I just recently learned about self calling anonymous functions. Some snippets of code that I came across used the self calling function along with the $(document).ready. It seems redundant, or pointless, to use both.

Is there a case where you'd use

(function(){
   $(document).ready();
})();

vs.

$(document).ready(function(){
   (function(){})();
});

I figure that you'd either want the script to be executed right away or after the DOM loaded. I can't see why you'd use both together.

Thanks.

  • 4
    FYI - they're not equivalent. – Hamish Mar 8 '12 at 2:15
up vote 11 down vote accepted

There's definitely a use case for the first example. If you have other JS libraries/scripts loaded on the same page, there's no guarantee that they aren't overwriting the $ variable. (This is very common when you have Prototype and jQuery on the same page).

So if Prototype is using $, you would need to use jQuery anytime you wanted to work with jQuery. This can get quite ugly:

jQuery(function(){
    jQuery('a', '#content').bind('click', function(){
        if(jQuery(this).attr('href') == 'www.google.com')
        {
            alert("This link goes to Google");
            jQuery(this).addClass('clicked'));
        }
    });
})

Remember, we can't use $ because that is a method from Prototype in the global scope.

But if you wrapped it inside of this..

(function($){
    $(function(){

        // your code here

    });
})(jQuery);

The $ would actually reference the jQuery library inside while still referring to Prototype on the outside! This can help tidy up your code:

(function($){
    $(function{}(
        jQuery('a', '#content').bind('click', function(){
            if(jQuery(this).attr('href') == 'www.google.com')
            {
                alert("This link goes to Google");
                jQuery(this).addClass('clicked'));
            }
        });
    ));
})(jQuery);

This is a common pattern with jQuery extensions to ensure that they are always added to the jQuery object, but can be written using $ to keep the code tidy.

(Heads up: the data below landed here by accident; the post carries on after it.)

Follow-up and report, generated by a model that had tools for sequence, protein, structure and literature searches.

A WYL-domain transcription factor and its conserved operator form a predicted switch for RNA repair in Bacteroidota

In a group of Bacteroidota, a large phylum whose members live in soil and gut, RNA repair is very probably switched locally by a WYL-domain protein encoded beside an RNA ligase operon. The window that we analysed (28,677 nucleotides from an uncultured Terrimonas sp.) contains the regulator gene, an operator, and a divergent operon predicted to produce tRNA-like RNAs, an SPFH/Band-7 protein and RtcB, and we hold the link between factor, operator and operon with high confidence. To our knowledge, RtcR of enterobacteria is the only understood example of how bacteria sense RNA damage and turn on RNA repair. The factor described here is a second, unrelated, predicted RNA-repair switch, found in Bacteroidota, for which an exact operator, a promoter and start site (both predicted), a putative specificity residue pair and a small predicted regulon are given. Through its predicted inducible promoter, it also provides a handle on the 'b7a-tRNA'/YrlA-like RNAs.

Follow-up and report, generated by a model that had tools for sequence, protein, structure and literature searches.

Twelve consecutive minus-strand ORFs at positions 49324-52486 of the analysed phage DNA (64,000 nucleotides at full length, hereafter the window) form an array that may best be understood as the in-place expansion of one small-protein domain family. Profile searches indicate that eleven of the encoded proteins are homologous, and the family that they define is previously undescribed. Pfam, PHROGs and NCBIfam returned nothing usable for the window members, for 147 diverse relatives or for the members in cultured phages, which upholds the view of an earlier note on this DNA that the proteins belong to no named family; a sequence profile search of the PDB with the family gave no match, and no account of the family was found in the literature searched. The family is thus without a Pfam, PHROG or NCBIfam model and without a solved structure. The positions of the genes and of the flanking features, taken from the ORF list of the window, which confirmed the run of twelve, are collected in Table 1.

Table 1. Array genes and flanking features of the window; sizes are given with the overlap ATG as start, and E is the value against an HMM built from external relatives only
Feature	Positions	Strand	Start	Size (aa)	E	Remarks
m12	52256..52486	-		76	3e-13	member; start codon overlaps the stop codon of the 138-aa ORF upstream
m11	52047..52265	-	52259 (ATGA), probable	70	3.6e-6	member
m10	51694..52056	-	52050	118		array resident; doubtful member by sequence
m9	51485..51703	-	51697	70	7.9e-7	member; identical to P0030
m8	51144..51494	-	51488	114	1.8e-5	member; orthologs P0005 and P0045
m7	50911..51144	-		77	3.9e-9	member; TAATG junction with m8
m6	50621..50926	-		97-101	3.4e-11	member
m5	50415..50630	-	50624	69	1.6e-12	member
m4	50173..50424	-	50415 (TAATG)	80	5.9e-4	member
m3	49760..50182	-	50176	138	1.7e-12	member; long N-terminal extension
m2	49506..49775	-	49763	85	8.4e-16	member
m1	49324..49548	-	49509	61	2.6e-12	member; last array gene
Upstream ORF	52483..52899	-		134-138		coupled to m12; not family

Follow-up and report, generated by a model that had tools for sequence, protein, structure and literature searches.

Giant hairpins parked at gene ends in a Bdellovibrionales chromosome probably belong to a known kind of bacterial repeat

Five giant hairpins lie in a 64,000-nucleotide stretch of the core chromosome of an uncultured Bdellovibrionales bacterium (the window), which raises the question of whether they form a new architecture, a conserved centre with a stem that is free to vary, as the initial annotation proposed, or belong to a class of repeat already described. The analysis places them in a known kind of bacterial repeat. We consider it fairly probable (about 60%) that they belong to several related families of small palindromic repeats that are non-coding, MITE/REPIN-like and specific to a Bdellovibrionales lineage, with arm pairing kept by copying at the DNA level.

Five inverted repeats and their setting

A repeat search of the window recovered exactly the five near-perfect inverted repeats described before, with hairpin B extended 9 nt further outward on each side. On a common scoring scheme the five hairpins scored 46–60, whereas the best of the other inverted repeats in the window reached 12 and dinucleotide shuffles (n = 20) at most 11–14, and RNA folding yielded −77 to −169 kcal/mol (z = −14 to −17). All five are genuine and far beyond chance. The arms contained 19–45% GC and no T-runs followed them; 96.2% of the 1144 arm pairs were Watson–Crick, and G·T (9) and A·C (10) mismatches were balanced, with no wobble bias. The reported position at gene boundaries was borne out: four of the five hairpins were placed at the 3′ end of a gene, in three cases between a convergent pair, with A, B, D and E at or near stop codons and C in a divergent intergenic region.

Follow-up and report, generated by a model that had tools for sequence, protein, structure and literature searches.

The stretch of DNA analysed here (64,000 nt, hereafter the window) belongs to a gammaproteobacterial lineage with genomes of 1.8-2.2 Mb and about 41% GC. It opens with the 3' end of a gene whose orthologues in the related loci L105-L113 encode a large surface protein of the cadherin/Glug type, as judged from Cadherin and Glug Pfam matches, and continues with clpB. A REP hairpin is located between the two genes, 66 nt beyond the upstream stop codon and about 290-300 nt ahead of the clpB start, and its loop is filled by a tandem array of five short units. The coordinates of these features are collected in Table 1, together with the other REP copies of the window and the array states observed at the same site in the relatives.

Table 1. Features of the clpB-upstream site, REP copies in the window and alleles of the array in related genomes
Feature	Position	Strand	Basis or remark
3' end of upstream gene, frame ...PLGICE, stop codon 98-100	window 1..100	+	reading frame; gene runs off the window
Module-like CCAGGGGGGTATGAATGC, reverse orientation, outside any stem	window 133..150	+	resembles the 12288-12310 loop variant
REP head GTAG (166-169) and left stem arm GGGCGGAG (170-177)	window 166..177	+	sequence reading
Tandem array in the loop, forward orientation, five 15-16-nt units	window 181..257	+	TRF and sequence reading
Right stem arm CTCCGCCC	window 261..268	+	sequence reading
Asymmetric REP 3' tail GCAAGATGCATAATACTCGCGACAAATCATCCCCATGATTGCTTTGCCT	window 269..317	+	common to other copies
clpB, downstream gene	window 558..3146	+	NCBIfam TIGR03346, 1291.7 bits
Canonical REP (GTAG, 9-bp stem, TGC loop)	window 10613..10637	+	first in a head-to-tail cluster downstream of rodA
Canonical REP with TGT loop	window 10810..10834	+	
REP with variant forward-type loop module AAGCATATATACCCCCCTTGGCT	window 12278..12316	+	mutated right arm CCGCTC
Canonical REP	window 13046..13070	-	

• Are you aware of the $.noConflict() function? This removes the dependency on $. for instance var j = $.noConflict(); indicates that the variable j is now equal to $ thus j("#ElementId"); would be valid. Documentation: api.jquery.com/jquery.noconflict – Anthony Mason Mar 13 '15 at 15:38

You wouldn't want to use both together, is there something you're doing that requires you to?

In the jquery api documentation here, http://api.jquery.com/ready/, you can see these examples:

The .ready() method is typically used with an anonymous function:

$(document).ready(function() {
// Handler for .ready() called.

});

Which is equivalent to calling:

$(function() {
// Handler for .ready() called.

});

But I'm not sure if this answers your question because I don't see where you actually ask one. Hope this helps just the same!

The only reason you would introduce another closure is to introduce another scope boundary for loading / protecting global objects such as $.

For Example:

$(document).ready(function(){

    // Do upper scope things.

    (function(){

        // Do lower scope things.

    })();

});

Based on you saying you have recently learning about this stuff I assume you are relativly new to JavaScript.

I have put together a blog post that might help explaining some of the basic concepts form the point of view of a newcomer to JavaScript, including function scope. http://bit.ly/tLkykX

  • Thanks for the link Maurice. Good read. I'd mark yours and Colin's correct if I could. – VtoCorleone Mar 9 '12 at 16:55

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